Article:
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Dr. Laser runs a highly successful laser center; he is well-respected and his patients are generally happy.
Although he performs many of the laser procedures, he also has a variety of well-trained physician extenders (PEs) delivering many of the procedures. Often these procedures are performed when he is not present.
A jealous colleague, aware that both the American Society for Dermatologic Surgery (ASDS) and the American Society for Lasers in Medicine and Surgery (ASLMS) have guidelines prohibiting unsupervised PE use of lasers, files a complaint against him with the state board of medical examiners. Will Dr. Laser lose his medical license?
Although vast literature exists regarding the use of PEs, few studies have thoroughly examined the supervisory role of physicians using PEs.
The issues of concern are:
The results from the few studies that examine the use of PEs, or the mix of physicians and PEs, suggest that the frequency of PE use will depend upon the practice arrangement, size and location. Currently, state laws and regulations that define the legal relationships between physicians and PEs differ significantly between states. Differences are partially determined by the specific PEs, their scope of practice and the practice setting. State regulations generally include the responsibilities of the supervising physician and the criteria, or definition, for supervision.
Regulations as to who can/cannot perform laser procedures vary from state to state.
In addition, various interested professional societies have promulgated a variety of guidelines. It should be noted that state laws always supersede professional society guidelines even when the latter are stricter than the actual state laws.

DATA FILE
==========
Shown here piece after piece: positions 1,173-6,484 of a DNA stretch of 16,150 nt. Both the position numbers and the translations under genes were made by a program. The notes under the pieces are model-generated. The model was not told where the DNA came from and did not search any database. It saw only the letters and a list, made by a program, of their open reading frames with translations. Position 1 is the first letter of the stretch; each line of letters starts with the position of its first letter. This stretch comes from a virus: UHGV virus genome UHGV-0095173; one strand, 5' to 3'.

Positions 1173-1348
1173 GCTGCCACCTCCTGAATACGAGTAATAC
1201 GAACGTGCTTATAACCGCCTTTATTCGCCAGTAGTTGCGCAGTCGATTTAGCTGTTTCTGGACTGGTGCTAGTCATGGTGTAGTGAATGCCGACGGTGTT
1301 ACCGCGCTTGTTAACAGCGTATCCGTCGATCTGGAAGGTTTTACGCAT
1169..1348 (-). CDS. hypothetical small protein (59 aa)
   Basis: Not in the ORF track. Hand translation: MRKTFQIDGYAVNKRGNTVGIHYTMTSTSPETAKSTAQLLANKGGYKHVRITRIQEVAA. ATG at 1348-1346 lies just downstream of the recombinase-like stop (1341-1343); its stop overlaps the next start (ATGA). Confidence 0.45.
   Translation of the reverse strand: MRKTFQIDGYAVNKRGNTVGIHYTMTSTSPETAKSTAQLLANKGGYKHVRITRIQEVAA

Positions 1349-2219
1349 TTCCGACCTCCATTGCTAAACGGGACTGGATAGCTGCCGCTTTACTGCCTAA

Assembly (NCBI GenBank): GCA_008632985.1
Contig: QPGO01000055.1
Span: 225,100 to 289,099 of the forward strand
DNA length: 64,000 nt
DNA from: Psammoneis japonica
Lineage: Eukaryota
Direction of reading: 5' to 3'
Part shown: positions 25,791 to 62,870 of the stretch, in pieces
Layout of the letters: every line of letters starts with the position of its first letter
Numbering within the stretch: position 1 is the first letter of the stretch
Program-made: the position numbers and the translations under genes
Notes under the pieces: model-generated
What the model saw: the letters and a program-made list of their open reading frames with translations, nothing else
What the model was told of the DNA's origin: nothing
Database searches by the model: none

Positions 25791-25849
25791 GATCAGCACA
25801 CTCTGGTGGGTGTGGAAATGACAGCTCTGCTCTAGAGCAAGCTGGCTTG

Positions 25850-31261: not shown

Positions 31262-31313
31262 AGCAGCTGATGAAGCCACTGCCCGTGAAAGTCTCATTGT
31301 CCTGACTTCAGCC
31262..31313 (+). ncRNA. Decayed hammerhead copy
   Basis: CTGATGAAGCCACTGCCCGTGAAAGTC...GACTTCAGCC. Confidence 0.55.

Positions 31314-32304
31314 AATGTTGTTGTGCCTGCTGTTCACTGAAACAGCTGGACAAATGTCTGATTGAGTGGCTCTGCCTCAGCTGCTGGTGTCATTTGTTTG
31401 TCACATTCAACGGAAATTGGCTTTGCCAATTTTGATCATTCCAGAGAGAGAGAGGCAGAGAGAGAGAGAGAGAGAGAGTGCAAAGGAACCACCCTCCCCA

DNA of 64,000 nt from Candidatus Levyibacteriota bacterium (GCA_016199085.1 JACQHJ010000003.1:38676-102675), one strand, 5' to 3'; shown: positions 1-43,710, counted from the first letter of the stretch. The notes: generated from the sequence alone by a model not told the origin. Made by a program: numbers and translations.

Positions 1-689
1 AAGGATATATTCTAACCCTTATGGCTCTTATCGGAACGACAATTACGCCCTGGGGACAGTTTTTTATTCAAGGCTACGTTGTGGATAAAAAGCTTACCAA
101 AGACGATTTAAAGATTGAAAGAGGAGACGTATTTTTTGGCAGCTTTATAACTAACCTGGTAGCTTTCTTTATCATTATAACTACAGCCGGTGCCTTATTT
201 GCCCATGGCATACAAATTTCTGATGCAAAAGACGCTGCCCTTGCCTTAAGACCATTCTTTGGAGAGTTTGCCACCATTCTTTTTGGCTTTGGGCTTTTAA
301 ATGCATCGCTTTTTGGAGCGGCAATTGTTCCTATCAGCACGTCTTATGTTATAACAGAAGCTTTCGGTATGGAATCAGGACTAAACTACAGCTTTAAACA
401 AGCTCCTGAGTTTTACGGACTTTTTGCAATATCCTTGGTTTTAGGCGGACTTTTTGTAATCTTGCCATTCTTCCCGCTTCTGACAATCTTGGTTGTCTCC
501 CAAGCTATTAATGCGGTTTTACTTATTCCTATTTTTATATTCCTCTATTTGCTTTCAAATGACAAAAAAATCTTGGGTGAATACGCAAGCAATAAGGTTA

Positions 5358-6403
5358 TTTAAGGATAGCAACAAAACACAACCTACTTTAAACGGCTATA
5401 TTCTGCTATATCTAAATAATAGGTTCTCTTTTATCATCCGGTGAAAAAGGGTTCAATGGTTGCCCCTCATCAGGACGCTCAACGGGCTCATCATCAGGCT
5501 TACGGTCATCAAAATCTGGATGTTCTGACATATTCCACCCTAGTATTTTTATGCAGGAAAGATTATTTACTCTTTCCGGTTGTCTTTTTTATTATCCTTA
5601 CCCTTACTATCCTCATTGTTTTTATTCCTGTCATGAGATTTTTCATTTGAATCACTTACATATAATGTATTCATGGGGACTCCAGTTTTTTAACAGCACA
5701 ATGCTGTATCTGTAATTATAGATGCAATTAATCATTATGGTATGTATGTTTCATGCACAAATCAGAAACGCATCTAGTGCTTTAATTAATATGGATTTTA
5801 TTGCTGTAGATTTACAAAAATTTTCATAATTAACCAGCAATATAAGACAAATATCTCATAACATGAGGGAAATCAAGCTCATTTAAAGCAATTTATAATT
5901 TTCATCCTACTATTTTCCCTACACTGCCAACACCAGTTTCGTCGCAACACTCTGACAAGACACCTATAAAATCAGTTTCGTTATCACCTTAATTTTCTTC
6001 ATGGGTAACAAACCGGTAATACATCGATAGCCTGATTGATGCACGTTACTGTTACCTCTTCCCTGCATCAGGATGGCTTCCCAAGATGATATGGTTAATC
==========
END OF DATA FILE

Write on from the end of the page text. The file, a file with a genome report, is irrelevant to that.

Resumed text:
In New Jersey, regulations of the board of medical examiners prohibit nonphysician use of laser-based technology. In Florida, Gov. Jeb Bush recently signed legislation that allows nonphysician use of laser and laser-like technology, but requires varying degrees of supervision based on the type of facility. California's medical board in 2002 passed guidelines that allowed physician assistants and registered nurses to perform such procedures, but only under the direct supervision of a physician. In California, PEs who are estheticians, cosmetologists or electrologists are prohibited from performing laser procedures even if they are directly supervised by a physician.
What is clear is that the enthusiasm for PE use has also brought added legislation and potentially resultant liability for the supervising dermatologist.
Despite the increasingly stringent society guidelines that prohibit unsupervised PE performance of laser procedures, Dr. Laser is not likely to lose his medical license if he practices in a state that does not prohibit such unsupervised care. However, it should be noted that society guidelines are increasingly allowed into court when a medical malpractice case arises. If it is alleged that Dr. Laser's PE was negligent, the society guidelines could be used against him if the claim is based on negligent supervision.
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